Economic Stimulus 2009

How Does the Economic Stimulus Bill Effect You?
President Obama signed the American Recovery and Reinvestment Tax Act of 2009 into law on Feb. 17, 2009.
How much of the $787.2 billion stimulus package is spending versus tax benefits?
Overall, the stimulus bill would increase federal budget deficits by $185 billion over the remaining months of fiscal year 2009, by $399 billion in 2010, by $134 billion in 2011, and by $787 billion over the 2009-2019 period, according to the Congressional Budget Office. Over the 10-year period, tax provisions would reduce federal revenues by a projected $211 billion, or 27 percent of the total stimulus package.
What is your calculus of how quickly the stimulus will get out and into the economy?
Consumers should see some benefits as soon as early April. That’s when the Making Work Pay Credit described below kicks in. Most of the other benefits first appear on taxpayers’ 2009 returns. But that doesn’t mean they can’t take advantage of them before April 15 of 2010. Individuals and businesses should review how the new law affects them and then adjust their withholdings or estimated payments now to reflect the benefits they will receive this year.
How quickly will people see a change in their paychecks as a result of the “Making Work Pay” provision?
The IRS released new withholding tables reflecting the Making Work Pay credit on Feb. 21 and said most taxpayers will see the credit in their paychecks this spring. The IRS asked employers to begin using the new withholding tables no later than April 1. The $400 credit will show up as about an extra $10 a week in the paychecks of eligible individuals. The average person isn’t going to notice that very much, so it is likely to be spent. When consumers get lump sums, they tend to save the money or use it to retire debt. Small amounts get spent. The Joint Committee on Taxation estimates the provision will cost $116.199 billion over 10 years.
Who is Eligible for the First-Time Home Buyer Credit?
The law provides an $8,000 tax credit for first-time homebuyers who buy a principal residence before Dec. 1. The credit is available to home buyers who haven’t owned their own primary residence for the past three years with incomes up to $75,000 for individuals and $150,000 for married couples. Unlike the $7,500 credit enacted last year, it doesn’t have to be repaid unless you sell your home within three years. Estimated cost is $6.638 billion over 10 years.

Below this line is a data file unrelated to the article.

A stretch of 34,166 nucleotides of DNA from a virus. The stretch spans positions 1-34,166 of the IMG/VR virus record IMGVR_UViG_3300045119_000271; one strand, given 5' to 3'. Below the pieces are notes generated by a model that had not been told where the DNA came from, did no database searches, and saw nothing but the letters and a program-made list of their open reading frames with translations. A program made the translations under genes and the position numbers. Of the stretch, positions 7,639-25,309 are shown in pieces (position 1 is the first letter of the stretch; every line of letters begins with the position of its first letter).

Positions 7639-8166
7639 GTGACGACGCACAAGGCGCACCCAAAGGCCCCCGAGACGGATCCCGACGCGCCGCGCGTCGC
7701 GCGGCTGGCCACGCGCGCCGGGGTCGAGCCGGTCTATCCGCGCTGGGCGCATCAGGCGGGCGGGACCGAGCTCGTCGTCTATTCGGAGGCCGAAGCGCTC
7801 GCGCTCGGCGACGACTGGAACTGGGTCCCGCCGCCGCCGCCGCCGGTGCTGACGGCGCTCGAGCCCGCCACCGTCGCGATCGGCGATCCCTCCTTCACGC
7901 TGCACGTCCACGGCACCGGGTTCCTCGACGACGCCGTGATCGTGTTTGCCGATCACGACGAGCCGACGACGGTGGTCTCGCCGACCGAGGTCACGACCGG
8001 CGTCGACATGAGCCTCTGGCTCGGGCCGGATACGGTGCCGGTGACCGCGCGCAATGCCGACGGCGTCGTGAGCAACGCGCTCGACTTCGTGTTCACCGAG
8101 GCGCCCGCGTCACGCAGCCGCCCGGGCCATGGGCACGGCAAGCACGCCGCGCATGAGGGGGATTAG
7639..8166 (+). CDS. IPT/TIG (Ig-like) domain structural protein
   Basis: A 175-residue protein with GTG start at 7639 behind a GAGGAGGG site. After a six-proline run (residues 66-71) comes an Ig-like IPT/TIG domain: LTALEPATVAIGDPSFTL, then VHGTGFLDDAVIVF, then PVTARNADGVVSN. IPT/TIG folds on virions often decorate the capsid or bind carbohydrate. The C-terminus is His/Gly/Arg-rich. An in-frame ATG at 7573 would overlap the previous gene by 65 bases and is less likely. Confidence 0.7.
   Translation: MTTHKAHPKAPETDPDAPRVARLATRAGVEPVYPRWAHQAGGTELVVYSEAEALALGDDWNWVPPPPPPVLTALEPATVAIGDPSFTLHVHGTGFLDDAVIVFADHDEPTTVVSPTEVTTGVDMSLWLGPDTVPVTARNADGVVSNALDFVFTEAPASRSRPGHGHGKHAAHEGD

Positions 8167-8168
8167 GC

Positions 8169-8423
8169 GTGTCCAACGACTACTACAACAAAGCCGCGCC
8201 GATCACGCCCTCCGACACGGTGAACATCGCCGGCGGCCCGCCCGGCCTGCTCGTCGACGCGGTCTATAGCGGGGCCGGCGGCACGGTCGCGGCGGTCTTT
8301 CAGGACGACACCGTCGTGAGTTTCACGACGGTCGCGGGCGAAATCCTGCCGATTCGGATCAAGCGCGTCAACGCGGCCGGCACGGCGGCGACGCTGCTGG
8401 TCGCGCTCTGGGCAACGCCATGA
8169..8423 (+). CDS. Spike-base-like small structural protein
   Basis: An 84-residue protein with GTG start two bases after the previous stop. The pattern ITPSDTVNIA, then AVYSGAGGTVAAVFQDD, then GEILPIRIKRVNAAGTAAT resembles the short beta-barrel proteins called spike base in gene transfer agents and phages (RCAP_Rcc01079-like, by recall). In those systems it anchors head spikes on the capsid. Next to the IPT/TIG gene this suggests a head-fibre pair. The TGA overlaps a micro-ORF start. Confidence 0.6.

Who Qualifies for the Auto Sales Tax Credit?
Buyers of new cars or light trucks can deduct the portion of state and local sales and excise taxes attributable to the first $49,500 of the vehicle’s purchase price. The deduction is “above the line,” which means taxpayers don’t have to itemize deductions to claim it, and can be taken against the alternative minimum tax. The deduction is available to taxpayers with adjusted gross income of up to $125,000 for individuals and $250,000 for married couples. The deduction is good for purchases made from Feb. 17, 2009 through Dec. 31, 2009. The deduction can amount to $1,000 to $2,000 depending on the price of the car and the applicable tax rate in your state. Estimated cost is $1.684 billion over 10 years.
How Does the Law Help Families with College Costs?
Parents can claim a tax credit of up to $2,500 a year for college expenses for any year of college. The credit is limited to taxpayers with adjusted gross incomes up to $80,000 for individuals and $160,000 for married couples. The change is only for 2009 and 2010. Estimated cost is $13.907 billion over 10 years.
How does the new law change the Earned Income Tax Credit?
Working families with three or more children may be eligible for an increased credit. For 2009 and 2010, the Earned Income Tax Credit increase will be available for families with three or more children. The credit is 45 percent of the family’s first $12,570 of earned income, and the credit phase-out now begins at adjusted gross income of $21,420, $1,880 higher than under prior law. Estimated cost is $4.663 billion over 10 years.
Are Unemployment Benefits Still Taxed?
With more people out of work, Congress exempted the first $2,400 in unemployment benefits from taxes in 2009. The law also provides a 65 percent subsidy for health insurance premiums maintained by laid-off workers under Cobra for up to 9 months. Estimated cost is $4.740 billion over 10 years for unemployment provision and $24.7 billion for Cobra.
How do Users of Public Transit Benefit?
Congress expanded the amount employees can have deducted tax free from their paychecks for public transit to $230 from $120. That means workers can have employers set aside up to $230 a month for public transportation. Estimated cost is $192 million over 10 years.
Is the AMT Exemption Increased?
Congress raised the exemption for the alternative minimum tax for 2009 so it would not catch millions more taxpayers. It was bumped from $69,950 in 2008 to $70,950 in 2009. The AMT generally applies to people in high-tax states and people with large families. It’s expensive to fix this problem. The revenue estimate for this one-year patch was $70 billion over 10 years. Estimated cost is $69.759 billion over 10 years.